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Which clippings match 'Anamorphosis' keyword pg.1 of 1
29 JUNE 2014

Bernard Pras: the perceptual organisation of found objects

"Bernard Pras is a French painter, photographer and sculptor. He has spent more than 20 years perfecting his craft. One of his more recent body of work feature sculptures of pop icons made entirely out of found objects which, when viewed from a specific angle, transforms into an easily recognizable image. His subjects include Albert Einstein,, Jack Nicholson, Bob Marley, Mao Zedong, Uncle Sam, and Che Guevarra. His inspirations include Salvador Dali, Edvard Munch, Japanese woodcut artist Hiroshige, and Guiseppe Arcimboldo."

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CONTRIBUTOR

Simon Perkins
13 MARCH 2014

Real or Illusion? Honda CR-V Spot Keeps You Guessing

"'An Impossible Made Possible,' shows the CR–V 1.6 i–DTEC Diesel traversing a surreal landscape of complex and cool visual effects. At one point, we get an Ames room type illusion where a woman blows on her coffee, apparently setting a toy Honda CR–V 1.6 atop a table in motion. It turns out the SUV is really a full–size model parked a few yards behind her ... but the weird eye–candy in the scene doesn't end there. ...

The exceedingly stylized clip, directed by Chris Palmer of Gorgeous, succeeds as a pure content play, and the main advertising element, a somewhat clunky voiceover that talks about 'less fuel in for more miles out,' seem almost intrusive. Still, the point that things aren't always as they appear–a rule this campaign applies to various qualities of the Honda CR–V 1.6, such as gas mileage–is made in exceptionally eye–opening fashion."

(David Gianatasio, 22 October 2013, Adweek)

Fig.1 Honda Illusions, An Impossible Made Possible – New CR–V 1.6 Diesel Video

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TAGS

2013ad campaignAdweek • Ames room illusion • An Impossible Made Possible (ad campaign) • anamorphic • anamorphic illusion • anamorphosiscarcar ad • Chris Palmer • eye candyforced perspectiveHonda • Honda CR-V • illusionistic spaceoptical illusionperceptual organisation • Sports Utility Vehicle (SUV) • surreal landscapevisual effectsvisual illusionvisual perception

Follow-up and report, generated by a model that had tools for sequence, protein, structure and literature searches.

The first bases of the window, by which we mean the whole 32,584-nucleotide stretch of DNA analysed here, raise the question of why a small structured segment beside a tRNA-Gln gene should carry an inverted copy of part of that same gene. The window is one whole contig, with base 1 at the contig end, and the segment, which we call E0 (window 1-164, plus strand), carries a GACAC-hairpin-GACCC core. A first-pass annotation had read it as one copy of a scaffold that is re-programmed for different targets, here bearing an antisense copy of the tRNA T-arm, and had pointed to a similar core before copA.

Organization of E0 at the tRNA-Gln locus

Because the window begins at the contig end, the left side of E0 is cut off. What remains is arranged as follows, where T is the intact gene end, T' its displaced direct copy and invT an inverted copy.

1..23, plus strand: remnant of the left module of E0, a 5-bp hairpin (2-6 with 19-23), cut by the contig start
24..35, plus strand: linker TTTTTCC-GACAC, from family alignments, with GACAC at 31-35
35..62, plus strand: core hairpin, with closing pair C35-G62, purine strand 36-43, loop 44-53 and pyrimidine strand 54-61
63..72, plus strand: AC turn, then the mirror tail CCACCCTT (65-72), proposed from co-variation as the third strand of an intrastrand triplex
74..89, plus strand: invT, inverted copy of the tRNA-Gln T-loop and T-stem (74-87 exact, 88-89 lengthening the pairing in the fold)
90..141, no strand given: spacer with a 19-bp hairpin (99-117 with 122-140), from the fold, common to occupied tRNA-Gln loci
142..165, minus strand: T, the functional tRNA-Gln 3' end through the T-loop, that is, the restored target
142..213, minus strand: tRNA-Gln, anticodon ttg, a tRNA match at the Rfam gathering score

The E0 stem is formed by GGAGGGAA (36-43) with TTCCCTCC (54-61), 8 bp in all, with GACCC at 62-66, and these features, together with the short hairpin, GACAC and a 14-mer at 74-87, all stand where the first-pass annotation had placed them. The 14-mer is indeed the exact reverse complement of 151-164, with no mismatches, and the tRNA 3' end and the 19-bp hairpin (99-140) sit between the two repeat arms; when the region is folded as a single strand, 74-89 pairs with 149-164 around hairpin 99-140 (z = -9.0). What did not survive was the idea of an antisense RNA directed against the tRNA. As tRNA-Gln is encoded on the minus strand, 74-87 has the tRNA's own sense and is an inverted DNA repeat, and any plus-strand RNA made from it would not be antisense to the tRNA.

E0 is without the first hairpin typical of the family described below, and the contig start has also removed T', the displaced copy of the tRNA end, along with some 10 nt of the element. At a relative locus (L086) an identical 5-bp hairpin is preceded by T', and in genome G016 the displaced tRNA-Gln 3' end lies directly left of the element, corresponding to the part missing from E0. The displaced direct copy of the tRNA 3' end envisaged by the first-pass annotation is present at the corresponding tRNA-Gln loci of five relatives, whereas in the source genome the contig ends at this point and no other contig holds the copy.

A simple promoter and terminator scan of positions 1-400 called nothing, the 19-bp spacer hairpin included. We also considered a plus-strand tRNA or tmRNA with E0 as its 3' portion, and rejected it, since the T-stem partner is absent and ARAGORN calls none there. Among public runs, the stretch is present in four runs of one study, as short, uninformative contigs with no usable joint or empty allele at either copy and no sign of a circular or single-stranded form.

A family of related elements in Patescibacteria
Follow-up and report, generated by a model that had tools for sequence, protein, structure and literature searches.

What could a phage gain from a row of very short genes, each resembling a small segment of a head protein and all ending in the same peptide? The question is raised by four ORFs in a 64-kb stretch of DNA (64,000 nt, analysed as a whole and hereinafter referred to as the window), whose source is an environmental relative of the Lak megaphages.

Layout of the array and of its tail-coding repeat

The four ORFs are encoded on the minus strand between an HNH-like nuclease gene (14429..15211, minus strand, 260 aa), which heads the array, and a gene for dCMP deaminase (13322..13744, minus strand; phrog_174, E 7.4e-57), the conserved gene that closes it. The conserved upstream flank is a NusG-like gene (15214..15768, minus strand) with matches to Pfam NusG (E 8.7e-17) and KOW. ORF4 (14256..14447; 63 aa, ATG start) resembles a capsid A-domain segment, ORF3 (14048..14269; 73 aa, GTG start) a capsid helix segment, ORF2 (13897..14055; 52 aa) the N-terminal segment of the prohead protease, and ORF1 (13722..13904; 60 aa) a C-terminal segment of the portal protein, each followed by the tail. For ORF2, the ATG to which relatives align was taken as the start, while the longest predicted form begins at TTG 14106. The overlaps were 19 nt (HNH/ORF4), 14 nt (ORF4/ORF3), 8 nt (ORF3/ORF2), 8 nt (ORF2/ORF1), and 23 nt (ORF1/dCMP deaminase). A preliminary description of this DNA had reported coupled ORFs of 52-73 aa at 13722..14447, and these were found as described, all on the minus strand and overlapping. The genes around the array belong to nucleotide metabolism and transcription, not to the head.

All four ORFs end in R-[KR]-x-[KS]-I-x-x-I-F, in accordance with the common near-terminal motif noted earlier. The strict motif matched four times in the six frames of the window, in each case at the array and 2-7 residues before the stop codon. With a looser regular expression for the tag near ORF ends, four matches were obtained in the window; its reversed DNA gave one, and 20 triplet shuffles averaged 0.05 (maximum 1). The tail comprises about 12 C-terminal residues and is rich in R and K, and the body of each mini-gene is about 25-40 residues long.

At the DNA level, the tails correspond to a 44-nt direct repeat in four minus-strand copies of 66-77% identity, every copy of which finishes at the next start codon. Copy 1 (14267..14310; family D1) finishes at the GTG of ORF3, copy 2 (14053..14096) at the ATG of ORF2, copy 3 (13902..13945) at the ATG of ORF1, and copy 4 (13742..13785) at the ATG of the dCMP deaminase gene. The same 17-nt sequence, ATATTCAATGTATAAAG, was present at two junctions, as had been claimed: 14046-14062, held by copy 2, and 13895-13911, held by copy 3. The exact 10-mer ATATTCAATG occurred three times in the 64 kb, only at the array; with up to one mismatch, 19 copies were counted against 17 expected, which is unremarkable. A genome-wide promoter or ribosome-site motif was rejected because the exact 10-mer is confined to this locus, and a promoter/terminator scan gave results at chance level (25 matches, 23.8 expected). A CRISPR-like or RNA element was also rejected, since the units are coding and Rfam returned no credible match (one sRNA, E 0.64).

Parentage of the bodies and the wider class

CONTRIBUTOR

Simon Perkins
18 OCTOBER 2012

Four to the Floor: the ever growing collection of Channel 4 idents

An "ever growing collection of Channel 4 current set of idents. The simple idea that flows through all these idents is the creation of 'the 4, be it optical illusion, supernatural intervention or coincidence, the iconic Channel 4 logo rears its head at some point during all these videos.

The basic premise leaves open many possibilities to play with, which perhaps also explains the longevity that these idents retain. New idents continue to be produced by Channel 4"

(John Beohm, idents.tv)

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CONTRIBUTOR

Simon Perkins
25 JANUARY 2011

Scientist as artist: optical illusion works by Jonty Hurwitz

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CONTRIBUTOR

Simon Perkins
31 OCTOBER 2009

Felice Varini at Osaka Securities Exchange Building

"If we approach the painting of Felice Varini with the aim of describing it, in its fundamental components, the most productive concepts – in particular those of 'vantage point', 'focus' and 'framing' – all closely related to the vocabulary of photography. If we begin with the device Varini employs in each of his artworks, the differences between painting and photography are, effectively, reduced to a minimum. The artist's work, concentrating on the problem of falsehood of images in relation to the truth of perception, makes use of photography, going so far as to equate it with painting in the strategies of constitution and unmasking of iconic status. The roots of photography – the 'machine à dessiner' and the camera obscura – closely connect it to the tools of the painter. Photography demonstrates the functioning of perspective as a construct based on the fixed gaze and monocular vision, thus radicalizing the theme of painting as illusion: 'in the window and in the photograph the framed world seems to inscribe and represent itself in an immediate manner' (1)."

(Roberta Mazzola)

1). Johannes Meinhardt, La realtà dell'illusione estetica. Le 'trappole visive' di Felice Varini, Lugano, Edizioni Studio Dabbeni, 1999, p. 29. The definition machine à dessiner dates back to France in the 17th century. On the forerunners of the camera, see: Heinrich Schwarz, Arte e fotografia, Torino, Bollati Boringhieri, 1991.

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TAGS

anamorphicanamorphosisartistartwork • camera obscura • falsehood of images • Felice Varini • focusframegazeillusionillusionistic spaceJapanop artoptical art • Osaka • paintingpainting as illusionperspectiveperspective viewphotographyplacePOV • Securities Exchange Building • truth of perceptionvantage point

CONTRIBUTOR

Simon Perkins
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